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Shave your hair off if you want to get better at baseball

It's not fair.

After the All-Star break, the A's Matt Chapman went into an especially cold period at the plate. Obviously fed up with failing at half of his day job, the man they call "Chappy" figured enough was enough, and showed up at Guaranteed Rate Field on Aug. 9 with a drastic new look before the A's took on the White Sox.

Just like that, the slump (which had seen his bat go ice cold for a few weeks at that point) was done. Chapman was back, fresh cut in tow.

"And it was all so easy," I muttered to myself through gritted teeth while typing out this sentence, desirous of the ease with which world-class athletes are able to overcome obstacles at all turns.

Naturally, Chapman drilled a homer in his first at-bat with the new 'do:

After a two-homer day in the A's 9-5 win over the Giants on Wednesday afternoon, Chapman was officially heating up since The Shave. And guess what Chapman did on Thursday night in the A's win over the Astros in Oakland? He blasted two more homers, giving him back-to-back two-homer nights.

After some more hits over the weekend in the A's series win over the Astros, Chapman's mashed 5 homers and picked up 14 base hits since taking the razor to his head. That's a hot streak.

This whole thing is ridiculous, frankly, and I'm jealous. Jealous not only because Chapman is an All-Star third baseman.

No, I'm jealous he can just shave off all of his hair and start fresh. Like a light switch he flipped it from "OFF" to "ON," and he's started mashing the ball again, while I struggle with my own perceived inadequacies and (long sigh) thinning hair. My hair does not look as impressive as Chapman's did before The Shave, but give it a few weeks and his hair will have returned, unless he opts to keep it buzzed.

We've seen this sort of dramatic attempt by struggling baseball players to "get right" earlier this season, such as when Blue Jays catcher Danny Jansen opted for the rare in-game mustache shave. Earlier this month, Bryce Harper rid himself of his formidable beard in a search for the perfect summer look, and then three days later he shushed all of his haters:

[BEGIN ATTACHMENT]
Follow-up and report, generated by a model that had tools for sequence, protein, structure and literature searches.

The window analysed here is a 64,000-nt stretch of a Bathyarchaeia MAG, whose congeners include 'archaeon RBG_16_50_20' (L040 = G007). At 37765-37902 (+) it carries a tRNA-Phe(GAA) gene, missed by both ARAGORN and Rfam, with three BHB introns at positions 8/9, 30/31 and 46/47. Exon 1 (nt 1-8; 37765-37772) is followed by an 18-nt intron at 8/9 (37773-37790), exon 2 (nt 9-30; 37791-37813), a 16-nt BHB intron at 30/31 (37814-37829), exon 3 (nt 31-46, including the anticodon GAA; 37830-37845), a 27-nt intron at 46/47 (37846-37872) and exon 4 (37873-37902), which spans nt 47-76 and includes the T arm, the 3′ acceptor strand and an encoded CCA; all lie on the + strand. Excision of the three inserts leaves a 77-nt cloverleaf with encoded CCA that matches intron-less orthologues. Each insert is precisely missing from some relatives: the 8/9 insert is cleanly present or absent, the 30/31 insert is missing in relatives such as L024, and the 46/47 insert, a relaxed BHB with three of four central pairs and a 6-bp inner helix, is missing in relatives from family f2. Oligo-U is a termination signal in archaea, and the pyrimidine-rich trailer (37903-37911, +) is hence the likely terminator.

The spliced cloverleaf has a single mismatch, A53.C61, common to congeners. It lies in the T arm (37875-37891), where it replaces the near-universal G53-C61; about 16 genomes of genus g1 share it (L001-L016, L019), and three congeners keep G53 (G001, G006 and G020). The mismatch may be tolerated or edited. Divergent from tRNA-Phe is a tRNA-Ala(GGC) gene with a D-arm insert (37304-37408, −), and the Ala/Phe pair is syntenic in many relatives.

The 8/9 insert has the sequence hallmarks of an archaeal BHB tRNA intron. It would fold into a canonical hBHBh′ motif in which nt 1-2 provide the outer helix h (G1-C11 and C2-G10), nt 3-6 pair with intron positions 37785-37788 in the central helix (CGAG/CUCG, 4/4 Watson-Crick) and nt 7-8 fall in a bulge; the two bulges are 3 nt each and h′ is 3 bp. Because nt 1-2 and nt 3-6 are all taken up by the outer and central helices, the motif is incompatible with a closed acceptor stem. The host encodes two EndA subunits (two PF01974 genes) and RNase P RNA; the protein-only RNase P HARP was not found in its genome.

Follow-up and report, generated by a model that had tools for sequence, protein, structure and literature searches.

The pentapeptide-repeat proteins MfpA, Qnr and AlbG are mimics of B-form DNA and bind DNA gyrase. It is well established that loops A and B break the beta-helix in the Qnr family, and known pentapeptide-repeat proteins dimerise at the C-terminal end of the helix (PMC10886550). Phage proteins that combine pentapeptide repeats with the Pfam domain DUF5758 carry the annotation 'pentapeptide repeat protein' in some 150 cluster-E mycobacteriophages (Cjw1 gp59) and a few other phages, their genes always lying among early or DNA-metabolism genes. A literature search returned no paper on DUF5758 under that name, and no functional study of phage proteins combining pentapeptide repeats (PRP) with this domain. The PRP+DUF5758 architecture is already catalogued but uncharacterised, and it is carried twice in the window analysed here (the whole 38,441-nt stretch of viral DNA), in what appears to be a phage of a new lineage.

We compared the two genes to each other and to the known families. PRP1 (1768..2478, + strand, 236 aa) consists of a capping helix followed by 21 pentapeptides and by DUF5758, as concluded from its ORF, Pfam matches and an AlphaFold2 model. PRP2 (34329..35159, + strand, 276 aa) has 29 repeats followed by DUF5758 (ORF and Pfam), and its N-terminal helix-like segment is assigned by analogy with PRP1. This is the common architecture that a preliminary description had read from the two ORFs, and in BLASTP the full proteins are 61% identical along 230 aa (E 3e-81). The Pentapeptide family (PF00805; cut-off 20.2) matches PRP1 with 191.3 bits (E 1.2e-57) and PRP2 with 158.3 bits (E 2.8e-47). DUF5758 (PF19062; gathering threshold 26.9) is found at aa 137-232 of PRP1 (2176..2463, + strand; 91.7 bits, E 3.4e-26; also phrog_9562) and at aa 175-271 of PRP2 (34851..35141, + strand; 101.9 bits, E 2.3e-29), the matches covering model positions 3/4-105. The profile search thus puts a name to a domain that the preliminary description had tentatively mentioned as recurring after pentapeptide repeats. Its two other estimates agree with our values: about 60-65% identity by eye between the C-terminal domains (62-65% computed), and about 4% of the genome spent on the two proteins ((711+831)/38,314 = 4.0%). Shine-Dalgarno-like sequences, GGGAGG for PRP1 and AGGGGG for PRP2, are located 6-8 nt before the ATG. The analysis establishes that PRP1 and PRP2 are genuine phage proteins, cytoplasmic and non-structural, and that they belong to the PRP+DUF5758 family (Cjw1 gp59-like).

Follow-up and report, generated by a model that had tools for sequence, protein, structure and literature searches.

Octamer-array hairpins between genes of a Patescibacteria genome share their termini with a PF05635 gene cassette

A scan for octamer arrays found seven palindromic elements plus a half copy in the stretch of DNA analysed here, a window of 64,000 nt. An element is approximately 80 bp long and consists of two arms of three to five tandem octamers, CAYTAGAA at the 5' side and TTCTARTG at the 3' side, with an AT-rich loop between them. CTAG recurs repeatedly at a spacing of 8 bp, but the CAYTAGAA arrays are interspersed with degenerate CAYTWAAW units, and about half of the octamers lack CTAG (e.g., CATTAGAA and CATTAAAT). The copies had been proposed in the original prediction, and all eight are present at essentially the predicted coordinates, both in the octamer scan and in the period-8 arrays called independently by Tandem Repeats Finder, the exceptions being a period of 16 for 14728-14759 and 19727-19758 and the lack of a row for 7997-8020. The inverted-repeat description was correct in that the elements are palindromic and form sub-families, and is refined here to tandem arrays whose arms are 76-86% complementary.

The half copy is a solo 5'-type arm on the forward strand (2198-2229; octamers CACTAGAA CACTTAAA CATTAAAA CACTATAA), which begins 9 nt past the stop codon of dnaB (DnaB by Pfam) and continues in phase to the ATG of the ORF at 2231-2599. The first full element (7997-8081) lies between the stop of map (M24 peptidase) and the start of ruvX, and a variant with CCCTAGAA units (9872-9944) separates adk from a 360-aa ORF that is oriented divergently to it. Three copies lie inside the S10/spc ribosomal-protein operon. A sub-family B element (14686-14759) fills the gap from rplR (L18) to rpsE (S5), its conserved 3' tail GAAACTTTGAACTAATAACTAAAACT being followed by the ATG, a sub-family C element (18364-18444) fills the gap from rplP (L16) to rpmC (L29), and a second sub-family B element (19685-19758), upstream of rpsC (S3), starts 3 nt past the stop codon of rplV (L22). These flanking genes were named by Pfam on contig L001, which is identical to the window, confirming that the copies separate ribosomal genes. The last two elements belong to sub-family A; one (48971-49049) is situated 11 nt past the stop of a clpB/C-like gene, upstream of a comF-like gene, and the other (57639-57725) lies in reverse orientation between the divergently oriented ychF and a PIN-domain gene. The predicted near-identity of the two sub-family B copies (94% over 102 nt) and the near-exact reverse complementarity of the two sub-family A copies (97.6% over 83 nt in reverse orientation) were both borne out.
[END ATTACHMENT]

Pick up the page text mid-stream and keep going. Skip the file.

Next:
Harper hit two more homers in last Wednesday's game against the Cubs -- giving him his first two multi-homer games as a Phillie mere days after trimming his beard.

And then for maximum effect, Bryce crushed an unbelievably epic walk-off grand slam on Thursday:

Coincidence? I think not.

It's all about the effort. It's the obvious wondering of the player who's slumping, "Man, WHAT is going on? I feel good out there, my swing feels right. Maybe ... maybe it's the hair. There's too much hair. I should remove some of the hair," and then going out and shaving something -- the mustache, the beard, or, in Chapman's case, the entire head.

Did Chapman shaving his head directly lead to a reawakening at the plate? Yes. It must be. He clearly thinks so, at least:

And we can't forget about Yasiel Puig, who also shaved his mustache in the middle of a game in late July. While he didn't change his haircut much after being traded from the Reds to the Indians, the electric outfielder did dye his hair a bright shade of red to match his new uniform in Cleveland:

And since joining the team, he's hit the ball at a .351 clip and gone absolutely off the rails on the base paths, exuding confidence and flair that can only come from a wild hairstyle such as his.

The confidence required to not only alter your hair, but alter it in such a way as to make it even more noticeable and help you stand out anywhere you go? That's a level of self-assuredness I long to have, truly. And the hair, I also long to have the hair.

All of this is entirely due to these players' hair modifications. What else could it be? There are no other possibilities. Great hair ends slumps.

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